Blog Post

Do Londoners have enough financial incentives to give up their car?

Exploring what pushes people to switch how they travel and why combining carrots and sticks is crucial to success.

Imagine you work in the Mayor’s office, or the Department for Transport. You want to encourage more people to switch from using cars to using ‘sustainable travel’: cycling, public transport, ‘micromobility’ (such as scooters), or walking. How do you do it?

When people are choosing whether to use their car or travel a different way, one of the key things they’ll think about is the cost. If you want more people to use sustainable travel, you can make it cheaper – a positive financial incentive. You can also make driving more expensive – a negative financial incentive.

But which financial incentives will make the biggest difference? That’s what we’ve been exploring in our new research. We found that:

  • You need to combine positive and negative incentives need to work together – a ‘carrot and stick’ approach.
  • As well as the incentives themselves, you need to make sure they’re well communicated – so it’s easy for people to compare costs and make choices.

Incentivising people to use sustainable modes of travel

Promoting sustainable modes of travel – such as cycling, public transport, or ‘micromobility’ like scooters – is one of the Mayor’s top priorities.

To achieve this, there are already many incentives in place in for Londoners to use sustainable modes of transport:

  • Public transport concessionary schemes can encourage people to use public transport
  • The Ultra Low Emission Zone (ULEZ) charge discourages people from driving polluting vehicles
  • ‘Try before your bike’ schemes can incentivise cycling
  • Subsidised cycle hangars enable people to store their bikes in a safe and affordable space

But this isn’t enough.

We’ve done some research to find ways that policymakers can further incentivise Londoners to use sustainable modes of transport.

Policymakers can make incentives more effective by combining policy together into coherent packages. They can also make it easier for people to know which incentives exist and what they could save by switching away from cars.

Combining policies together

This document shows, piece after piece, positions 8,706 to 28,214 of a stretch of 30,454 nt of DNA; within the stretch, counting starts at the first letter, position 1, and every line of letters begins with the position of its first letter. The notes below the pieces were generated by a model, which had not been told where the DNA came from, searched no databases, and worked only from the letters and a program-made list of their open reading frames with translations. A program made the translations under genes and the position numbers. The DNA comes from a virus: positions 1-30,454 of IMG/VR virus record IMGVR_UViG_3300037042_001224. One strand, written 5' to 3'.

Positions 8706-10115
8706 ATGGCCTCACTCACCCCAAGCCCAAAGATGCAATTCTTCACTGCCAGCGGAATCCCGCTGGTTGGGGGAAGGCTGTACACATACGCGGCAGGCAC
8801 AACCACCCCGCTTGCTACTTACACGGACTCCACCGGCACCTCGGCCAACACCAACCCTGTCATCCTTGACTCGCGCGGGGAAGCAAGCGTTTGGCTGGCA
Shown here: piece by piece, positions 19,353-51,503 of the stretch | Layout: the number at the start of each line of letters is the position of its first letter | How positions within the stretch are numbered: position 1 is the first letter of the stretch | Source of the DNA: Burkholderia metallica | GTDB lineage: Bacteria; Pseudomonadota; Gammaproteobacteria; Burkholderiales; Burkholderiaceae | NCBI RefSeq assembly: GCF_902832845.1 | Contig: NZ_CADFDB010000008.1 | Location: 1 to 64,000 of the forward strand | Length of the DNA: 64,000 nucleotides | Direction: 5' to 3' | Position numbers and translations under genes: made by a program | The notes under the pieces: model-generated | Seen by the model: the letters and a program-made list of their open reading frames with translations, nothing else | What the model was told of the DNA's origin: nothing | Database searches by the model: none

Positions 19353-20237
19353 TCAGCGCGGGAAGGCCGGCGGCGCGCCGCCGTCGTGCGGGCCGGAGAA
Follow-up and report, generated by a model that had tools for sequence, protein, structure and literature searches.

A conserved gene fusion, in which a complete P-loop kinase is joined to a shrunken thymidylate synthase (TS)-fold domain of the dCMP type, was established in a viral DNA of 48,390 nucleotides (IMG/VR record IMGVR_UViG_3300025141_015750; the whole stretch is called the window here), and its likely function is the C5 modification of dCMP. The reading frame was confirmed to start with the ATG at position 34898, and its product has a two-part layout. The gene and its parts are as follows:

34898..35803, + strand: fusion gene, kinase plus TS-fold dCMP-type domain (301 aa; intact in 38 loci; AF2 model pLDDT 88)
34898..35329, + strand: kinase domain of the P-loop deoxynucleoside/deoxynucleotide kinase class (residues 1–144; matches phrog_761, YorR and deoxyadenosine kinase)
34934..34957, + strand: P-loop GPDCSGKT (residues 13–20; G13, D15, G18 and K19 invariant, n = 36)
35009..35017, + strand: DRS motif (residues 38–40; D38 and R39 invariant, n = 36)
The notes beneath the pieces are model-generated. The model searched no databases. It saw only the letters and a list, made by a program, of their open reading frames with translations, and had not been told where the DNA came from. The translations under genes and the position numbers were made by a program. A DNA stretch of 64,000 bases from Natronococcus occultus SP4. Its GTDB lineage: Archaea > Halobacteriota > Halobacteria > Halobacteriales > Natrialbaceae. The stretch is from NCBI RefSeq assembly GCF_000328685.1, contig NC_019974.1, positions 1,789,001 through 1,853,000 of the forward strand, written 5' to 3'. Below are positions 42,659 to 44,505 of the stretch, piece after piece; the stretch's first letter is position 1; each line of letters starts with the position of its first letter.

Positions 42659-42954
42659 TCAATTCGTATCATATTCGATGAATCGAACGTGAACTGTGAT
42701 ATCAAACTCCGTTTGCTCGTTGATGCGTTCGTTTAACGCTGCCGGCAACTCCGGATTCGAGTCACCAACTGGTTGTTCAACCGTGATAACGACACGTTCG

We found that the ‘carrots and sticks’ approach to transport policy, where financial incentives and disincentives are combined, is an effective way to encourage sustainable travel.

Combining policies is effective because:

  • It increases public acceptance. For example, in 2003 Ken Livingstone introduced the congestion charge to reduce the number of cars driving through central London – this was a ‘stick’. The ‘carrot’ was the creation of 300 additional bus routes to provide affordable alternatives to driving and to make the congestion charge more acceptable to Londoners.
  • It makes schemes feasible. Policymakers could use this approach to fund incentives for active travel and public transport. For example, Nottingham council imposed an annual tax on car parking spaces provided by employers to help pay for an extension to the city’s tram and upgrades to its central stations.
  • It ensures fairness. Additional charges to motorists often pose legitimate concerns for people on low incomes. But there are ways to offset this negative effect. For example, the Mayor’s scrappage scheme, that offers a grant payment to low-income Londoners to replace their non-ULEZ compliant car, addresses the difficulty that some people face with upgrading to a new vehicle.

Communicating about travel costs and financial incentives

Incentives can only work if people know about them – this is obvious, but isn’t easy to implement.

There are many routes and modes that people can take to go from A to B. But comparing the cost of travelling by each mode isn’t easy – let alone the need to consider potential discounts that few people are aware of, such as using Railcard discount with the Oyster card.

It’s also important to let people know about any new incentives (or disincentives) before their introduction. For example, people aren’t going to get rid of their car overnight if a local authority were to raise the price of residential parking permits. People would need to be made aware of this change before to have time to adapt, which would make the increase more effective in changing people’s behaviour.

Here are some ideas on how communication about travel costs can be improved:

  • Transport for London put up an interesting webpage showing that the total cost of owning a car can be higher than people may think. This type of information could be shared more widely.
  • Apps (like ‘mobility as a service’ providers) can provide more information about the comparative cost of driving.
  • Targeted information campaigns for people who have recently moved to a new borough can help inform residents about ways to go around when they register for their council tax. It’s easier for people to develop new behaviour than to change their habits.


Financial incentives are a good way to influence the way people travel. But they’re only effective where alternatives to driving are possible.

What’s possible will be different for every family or household. For example, policymakers will need to provide more transport options for Londoners who live in Outer London for these incentives to be fully effective.

In our new report, we’ve modelled the impact of new potential financial incentives on 9 different typical London households. Explore the report here.

We’re also keen to find out more about the needs and challenges faced by people who travel for work, such as districts nurses and tradespeople. Get in touch on if you’re interested in supporting this project.